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20 May, 2009

Could have told you that

The 'waking edge' of first half-consciousness provided the following this morning.  In that instant, it made perfect sense, but I'll let you decide whether it really stands.

Common sense is the ability to react to and process the ordinary.
'Uncommon sense' (okay, the terminology needs work) is the ability to question: to ask 'what if?' or 'does that really follow?' rather than automatically implement the obvious reaction to a situation.

By definition, common sense is, commonly, sensible: the standard, well-rehearsed response will tend to be the most suitable. However, the question still needs to be considered: the self-evident probably is right, but until alternatives are tested (empirically or logically), one doesn't know it's right.

An outcome is the sort of academic research ridiculed by tabloids, producing results the mythical 'down-to-earth common man' could have guessed in a moment. But the intuitive isn't always true: the expected outcome mightn't have been accurate, and rules-of-thumb need to be quantified.

Coincidentally, there's a good example in today's Guardian. Researchers have established that ducks like water, and have been mocked, even accused of wasting £30,000 of public money. Obviously ducks like water – ask a farmer for free, rather than conducting an expensive formal study.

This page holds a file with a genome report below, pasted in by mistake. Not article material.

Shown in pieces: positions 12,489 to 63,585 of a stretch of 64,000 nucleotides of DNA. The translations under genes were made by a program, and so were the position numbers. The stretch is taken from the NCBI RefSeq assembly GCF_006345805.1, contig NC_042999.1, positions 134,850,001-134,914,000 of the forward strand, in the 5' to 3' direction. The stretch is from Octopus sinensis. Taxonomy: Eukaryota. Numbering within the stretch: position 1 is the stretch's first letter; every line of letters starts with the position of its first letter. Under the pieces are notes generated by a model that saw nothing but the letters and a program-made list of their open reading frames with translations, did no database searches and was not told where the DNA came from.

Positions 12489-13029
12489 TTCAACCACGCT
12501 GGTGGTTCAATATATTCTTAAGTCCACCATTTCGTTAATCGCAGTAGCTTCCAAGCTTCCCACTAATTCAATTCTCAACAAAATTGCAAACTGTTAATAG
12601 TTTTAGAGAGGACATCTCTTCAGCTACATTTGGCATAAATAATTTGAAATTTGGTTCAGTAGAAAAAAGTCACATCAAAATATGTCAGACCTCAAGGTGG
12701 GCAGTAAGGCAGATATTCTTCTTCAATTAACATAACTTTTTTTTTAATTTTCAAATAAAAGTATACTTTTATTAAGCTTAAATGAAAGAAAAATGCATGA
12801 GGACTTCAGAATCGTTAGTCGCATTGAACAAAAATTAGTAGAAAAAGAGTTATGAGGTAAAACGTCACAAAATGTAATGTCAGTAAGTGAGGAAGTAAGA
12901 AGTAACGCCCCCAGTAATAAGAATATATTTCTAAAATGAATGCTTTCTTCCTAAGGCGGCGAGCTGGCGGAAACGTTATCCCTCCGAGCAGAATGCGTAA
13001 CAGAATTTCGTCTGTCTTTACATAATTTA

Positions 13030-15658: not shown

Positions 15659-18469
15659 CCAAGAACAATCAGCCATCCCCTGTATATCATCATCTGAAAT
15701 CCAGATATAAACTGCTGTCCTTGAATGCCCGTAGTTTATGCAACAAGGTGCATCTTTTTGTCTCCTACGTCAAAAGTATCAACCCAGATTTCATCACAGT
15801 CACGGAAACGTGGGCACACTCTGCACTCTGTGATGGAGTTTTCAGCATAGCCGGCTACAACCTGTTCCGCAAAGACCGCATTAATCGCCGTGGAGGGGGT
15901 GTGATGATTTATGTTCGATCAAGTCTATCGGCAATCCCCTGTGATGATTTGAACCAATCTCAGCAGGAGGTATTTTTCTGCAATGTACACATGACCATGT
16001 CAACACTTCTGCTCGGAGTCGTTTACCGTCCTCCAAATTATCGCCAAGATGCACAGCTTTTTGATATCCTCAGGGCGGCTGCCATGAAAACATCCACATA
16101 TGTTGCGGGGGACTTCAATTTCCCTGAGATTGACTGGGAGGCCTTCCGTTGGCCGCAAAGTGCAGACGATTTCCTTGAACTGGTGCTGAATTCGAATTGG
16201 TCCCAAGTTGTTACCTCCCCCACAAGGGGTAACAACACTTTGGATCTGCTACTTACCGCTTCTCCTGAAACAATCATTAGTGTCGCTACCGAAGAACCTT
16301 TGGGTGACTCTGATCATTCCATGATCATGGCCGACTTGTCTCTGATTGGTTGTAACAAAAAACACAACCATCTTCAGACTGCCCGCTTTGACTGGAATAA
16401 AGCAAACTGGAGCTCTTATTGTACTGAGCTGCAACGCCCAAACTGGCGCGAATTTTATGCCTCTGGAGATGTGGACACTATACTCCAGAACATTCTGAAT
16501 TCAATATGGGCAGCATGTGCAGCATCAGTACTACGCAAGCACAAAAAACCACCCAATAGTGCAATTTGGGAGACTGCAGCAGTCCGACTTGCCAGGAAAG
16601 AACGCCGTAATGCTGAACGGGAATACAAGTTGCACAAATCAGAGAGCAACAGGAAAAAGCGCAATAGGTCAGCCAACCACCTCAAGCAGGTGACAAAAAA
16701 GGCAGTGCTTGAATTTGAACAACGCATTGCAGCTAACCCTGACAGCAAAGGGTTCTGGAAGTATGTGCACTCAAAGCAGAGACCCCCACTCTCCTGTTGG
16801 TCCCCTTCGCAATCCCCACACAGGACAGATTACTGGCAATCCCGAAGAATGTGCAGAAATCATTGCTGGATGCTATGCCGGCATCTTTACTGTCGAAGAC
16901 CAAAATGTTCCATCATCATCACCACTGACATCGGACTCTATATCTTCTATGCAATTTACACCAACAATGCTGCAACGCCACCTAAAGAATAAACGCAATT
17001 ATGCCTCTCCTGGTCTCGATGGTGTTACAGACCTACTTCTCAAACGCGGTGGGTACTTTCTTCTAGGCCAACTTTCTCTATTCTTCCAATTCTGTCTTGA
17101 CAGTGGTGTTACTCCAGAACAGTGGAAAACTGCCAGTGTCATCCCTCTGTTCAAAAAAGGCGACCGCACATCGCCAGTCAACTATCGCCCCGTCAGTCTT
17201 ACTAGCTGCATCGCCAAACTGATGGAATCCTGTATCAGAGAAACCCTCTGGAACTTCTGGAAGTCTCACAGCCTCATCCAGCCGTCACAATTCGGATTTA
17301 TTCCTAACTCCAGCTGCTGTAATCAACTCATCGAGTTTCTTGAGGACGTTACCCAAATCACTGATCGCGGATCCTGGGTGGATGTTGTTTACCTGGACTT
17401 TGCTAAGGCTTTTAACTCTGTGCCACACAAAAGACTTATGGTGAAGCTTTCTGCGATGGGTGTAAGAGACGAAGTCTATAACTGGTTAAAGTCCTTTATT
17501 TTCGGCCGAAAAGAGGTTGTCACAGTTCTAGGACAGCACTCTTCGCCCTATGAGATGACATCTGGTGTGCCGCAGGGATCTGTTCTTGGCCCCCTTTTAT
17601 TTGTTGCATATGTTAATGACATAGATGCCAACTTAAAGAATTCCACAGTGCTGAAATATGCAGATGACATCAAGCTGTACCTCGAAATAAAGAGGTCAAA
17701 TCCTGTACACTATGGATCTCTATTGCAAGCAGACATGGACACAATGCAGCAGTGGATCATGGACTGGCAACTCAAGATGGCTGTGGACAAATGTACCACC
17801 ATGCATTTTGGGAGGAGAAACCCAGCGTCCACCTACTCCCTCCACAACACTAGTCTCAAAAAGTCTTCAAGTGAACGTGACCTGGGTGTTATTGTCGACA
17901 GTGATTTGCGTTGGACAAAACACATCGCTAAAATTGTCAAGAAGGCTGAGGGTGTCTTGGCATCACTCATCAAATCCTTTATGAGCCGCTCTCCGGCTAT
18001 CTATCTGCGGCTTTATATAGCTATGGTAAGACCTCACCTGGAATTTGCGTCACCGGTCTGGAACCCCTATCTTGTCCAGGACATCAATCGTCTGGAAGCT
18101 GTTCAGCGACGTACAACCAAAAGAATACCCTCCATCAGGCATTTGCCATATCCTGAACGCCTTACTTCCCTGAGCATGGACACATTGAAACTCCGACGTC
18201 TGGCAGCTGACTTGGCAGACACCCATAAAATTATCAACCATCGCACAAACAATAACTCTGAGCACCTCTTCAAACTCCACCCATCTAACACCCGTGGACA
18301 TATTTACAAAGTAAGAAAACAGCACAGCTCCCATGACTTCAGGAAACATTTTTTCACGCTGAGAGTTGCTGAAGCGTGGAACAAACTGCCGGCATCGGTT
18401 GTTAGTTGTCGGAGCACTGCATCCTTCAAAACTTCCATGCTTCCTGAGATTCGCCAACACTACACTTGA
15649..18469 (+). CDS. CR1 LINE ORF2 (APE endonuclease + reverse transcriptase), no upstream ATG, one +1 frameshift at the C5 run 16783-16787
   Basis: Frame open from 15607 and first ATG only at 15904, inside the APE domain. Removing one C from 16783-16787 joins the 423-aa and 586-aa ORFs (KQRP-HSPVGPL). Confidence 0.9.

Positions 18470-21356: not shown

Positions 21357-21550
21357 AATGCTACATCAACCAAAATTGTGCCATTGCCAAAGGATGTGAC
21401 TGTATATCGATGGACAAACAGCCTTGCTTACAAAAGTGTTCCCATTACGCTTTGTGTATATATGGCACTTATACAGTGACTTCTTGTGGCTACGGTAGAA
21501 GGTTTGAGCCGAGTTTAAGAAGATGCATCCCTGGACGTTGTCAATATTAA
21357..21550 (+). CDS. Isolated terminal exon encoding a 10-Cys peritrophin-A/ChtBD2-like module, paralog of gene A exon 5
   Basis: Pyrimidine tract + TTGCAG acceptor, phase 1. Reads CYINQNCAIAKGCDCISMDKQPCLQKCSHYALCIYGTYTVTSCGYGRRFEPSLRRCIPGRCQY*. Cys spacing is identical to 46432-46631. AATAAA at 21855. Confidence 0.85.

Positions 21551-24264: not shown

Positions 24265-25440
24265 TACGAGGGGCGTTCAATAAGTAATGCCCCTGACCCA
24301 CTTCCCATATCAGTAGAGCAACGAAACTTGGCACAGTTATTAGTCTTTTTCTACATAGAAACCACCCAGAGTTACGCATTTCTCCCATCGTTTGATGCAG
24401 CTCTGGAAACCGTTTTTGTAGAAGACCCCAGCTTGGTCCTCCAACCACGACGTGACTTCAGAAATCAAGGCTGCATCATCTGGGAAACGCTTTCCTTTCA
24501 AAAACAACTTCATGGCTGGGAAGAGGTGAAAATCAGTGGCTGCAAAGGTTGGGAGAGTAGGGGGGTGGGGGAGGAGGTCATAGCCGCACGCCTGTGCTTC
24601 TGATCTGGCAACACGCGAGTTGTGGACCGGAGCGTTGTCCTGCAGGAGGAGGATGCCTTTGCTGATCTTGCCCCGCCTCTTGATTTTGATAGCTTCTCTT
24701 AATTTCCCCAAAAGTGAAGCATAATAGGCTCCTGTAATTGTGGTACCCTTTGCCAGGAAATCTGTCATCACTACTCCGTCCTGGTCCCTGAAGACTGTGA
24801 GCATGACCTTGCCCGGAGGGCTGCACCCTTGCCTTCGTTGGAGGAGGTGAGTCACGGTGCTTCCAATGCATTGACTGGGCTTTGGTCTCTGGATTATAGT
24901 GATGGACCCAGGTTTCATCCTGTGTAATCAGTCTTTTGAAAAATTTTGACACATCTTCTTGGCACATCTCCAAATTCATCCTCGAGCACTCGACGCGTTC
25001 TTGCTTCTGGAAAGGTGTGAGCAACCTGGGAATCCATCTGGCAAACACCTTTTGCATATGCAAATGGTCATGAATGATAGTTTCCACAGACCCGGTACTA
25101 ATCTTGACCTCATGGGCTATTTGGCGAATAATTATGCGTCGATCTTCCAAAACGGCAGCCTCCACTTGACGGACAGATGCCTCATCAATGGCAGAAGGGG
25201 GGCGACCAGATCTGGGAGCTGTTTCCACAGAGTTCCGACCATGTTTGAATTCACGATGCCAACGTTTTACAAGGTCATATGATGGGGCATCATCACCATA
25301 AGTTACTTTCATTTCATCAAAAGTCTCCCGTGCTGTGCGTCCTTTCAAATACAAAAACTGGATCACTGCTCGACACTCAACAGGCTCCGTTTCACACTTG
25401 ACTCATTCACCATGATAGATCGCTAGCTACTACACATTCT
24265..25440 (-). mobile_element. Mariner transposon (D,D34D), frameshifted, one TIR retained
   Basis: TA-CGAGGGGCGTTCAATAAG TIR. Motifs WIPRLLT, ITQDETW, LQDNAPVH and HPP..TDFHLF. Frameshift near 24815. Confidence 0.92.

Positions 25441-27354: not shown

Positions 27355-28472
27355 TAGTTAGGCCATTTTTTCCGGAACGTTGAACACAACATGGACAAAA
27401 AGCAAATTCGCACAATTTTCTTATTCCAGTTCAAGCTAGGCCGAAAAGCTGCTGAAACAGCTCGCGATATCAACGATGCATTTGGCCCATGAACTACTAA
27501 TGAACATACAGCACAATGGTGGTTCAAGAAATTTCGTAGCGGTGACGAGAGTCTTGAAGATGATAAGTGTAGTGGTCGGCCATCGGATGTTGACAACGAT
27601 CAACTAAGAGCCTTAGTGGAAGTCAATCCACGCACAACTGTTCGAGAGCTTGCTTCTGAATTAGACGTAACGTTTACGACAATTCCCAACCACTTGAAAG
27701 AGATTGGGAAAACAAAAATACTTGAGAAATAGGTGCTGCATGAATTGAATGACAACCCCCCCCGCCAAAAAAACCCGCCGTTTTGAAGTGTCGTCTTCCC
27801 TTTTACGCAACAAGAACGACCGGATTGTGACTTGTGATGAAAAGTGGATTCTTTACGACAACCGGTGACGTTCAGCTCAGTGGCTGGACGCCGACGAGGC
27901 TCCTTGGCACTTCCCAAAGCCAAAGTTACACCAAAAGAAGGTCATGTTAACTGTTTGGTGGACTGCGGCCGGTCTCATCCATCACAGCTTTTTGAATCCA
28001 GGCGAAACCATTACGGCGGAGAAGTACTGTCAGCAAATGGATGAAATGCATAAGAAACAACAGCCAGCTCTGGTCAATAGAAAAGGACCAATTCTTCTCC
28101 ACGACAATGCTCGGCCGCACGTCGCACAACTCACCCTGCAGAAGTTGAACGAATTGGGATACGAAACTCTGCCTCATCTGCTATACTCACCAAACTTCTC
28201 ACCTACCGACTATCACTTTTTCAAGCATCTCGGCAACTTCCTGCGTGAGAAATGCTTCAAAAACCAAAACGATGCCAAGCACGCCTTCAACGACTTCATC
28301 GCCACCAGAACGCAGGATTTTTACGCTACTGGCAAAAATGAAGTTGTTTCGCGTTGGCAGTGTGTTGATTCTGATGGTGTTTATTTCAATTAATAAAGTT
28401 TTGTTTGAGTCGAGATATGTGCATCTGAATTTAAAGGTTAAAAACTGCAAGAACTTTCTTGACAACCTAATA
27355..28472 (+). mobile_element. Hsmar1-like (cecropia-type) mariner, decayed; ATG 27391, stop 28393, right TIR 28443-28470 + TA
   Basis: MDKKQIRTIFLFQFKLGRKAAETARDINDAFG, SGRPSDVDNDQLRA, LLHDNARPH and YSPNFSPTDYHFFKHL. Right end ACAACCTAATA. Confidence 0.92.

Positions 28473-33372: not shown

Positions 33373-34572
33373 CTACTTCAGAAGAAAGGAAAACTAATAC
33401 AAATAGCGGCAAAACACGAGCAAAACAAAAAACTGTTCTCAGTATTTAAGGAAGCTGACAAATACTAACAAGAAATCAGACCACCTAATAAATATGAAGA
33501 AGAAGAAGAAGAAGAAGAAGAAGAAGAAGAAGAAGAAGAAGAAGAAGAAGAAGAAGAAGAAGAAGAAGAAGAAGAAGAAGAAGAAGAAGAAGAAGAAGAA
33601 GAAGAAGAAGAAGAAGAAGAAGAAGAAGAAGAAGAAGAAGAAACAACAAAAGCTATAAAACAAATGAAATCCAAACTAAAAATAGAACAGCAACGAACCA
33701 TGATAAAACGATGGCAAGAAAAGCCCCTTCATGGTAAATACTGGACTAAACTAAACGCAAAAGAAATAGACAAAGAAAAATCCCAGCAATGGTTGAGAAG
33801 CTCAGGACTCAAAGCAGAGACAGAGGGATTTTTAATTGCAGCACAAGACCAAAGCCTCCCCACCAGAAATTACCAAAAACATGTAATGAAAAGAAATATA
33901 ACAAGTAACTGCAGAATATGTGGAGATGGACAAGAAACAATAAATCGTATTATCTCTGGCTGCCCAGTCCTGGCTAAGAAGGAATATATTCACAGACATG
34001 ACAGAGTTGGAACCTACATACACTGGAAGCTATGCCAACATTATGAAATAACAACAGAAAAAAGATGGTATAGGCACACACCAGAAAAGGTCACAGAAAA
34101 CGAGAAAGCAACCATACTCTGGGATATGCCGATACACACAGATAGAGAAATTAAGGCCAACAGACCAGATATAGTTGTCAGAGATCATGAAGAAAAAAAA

Yet that cursory 'common sense' assumption might suggest that ducks would maximise time spent swimming in a pond, rather than the actual, less-intuitive, result of the research: that they seem to prefer immersion in showers.
And yes, this does have a very practical significance:

Marian Stamp Dawkins, professor of animal behaviour at Oxford, said it was unfair to portray the study as finding out simply that ducks liked water. It had been carried out to find the best way of providing water to farmed ducks because ponds quickly became dirty, unhygienic and took up a lot of water, making them environmentally questionable.

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